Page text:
Change in the Moment of Inertia of the Earth as a Result of a Growing Core

  • S. K. Runcorn


The possibility that the growth of the Earth’s core has been gradual seems to have been proposed first by Urey (1952). He arrived at this hypothesis by geochemical reasoning. He argued that the abundance of volatile elements in the Earth’s crust was greater than would be expected if the Earth had ever been molten. Because it is then inferred that the Earth was formed cold by a process of accretion, the formation of the core, presumed to be chemically distinct from the mantle, presents a problem not before recognized as one. Urey’s solution was that the separation of iron toward the geocenter could only have taken place gradually. He raised the important question as to whether the growth was yet entirely complete. This idea was later adopted by Runcorn (1962) as a possible cause of changes in the convection pattern in the Earth’s mantle. These changes were necessary ways of explaining continental drift, recent evidence for which is the systematic differences in the paleomagnetic polar wandering paths determined from different continents.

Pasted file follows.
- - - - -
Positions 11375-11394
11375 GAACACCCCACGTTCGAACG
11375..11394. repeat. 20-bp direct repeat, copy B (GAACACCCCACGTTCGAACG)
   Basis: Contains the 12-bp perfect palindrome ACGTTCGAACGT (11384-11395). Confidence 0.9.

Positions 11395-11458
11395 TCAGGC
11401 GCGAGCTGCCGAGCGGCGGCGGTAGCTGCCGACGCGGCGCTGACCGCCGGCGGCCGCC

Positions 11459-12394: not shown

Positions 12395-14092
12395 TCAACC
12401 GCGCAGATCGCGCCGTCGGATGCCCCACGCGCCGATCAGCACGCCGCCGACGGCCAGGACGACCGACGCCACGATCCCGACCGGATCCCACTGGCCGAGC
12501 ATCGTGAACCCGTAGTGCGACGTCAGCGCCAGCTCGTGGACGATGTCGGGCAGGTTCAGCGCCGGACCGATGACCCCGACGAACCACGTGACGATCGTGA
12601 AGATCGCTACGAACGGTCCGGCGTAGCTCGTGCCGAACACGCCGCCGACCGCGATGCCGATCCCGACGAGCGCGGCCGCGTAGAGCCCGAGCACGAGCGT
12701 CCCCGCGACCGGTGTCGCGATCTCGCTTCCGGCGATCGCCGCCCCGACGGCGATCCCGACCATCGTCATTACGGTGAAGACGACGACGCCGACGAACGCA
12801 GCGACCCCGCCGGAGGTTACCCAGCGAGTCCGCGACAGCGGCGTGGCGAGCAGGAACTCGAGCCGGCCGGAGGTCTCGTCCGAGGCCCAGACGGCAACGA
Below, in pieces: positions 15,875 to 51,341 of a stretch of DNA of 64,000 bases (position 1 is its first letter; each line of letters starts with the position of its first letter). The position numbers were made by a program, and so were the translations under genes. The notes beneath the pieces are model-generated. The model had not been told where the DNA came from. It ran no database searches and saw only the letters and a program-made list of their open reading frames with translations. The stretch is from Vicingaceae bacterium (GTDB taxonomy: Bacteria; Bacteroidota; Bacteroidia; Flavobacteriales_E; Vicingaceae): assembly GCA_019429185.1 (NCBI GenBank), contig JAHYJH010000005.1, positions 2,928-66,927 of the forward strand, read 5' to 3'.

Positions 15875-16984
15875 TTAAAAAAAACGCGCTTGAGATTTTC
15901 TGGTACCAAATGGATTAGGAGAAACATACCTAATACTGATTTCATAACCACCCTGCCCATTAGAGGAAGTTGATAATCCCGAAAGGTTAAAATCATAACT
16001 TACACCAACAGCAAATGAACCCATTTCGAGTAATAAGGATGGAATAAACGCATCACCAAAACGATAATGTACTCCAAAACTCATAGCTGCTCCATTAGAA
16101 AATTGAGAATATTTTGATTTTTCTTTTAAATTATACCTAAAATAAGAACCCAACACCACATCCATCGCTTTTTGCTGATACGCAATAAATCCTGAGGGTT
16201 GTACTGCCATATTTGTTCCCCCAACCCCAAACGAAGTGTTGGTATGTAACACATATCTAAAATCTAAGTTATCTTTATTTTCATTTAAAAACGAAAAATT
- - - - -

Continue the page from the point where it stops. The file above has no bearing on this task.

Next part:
Orbital Angular Momentum Middle Devonian Convection Pattern Continental Drift Spin Angular Momentum 
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© Plenum Press 1966

Authors and Affiliations

  • S. K. Runcorn

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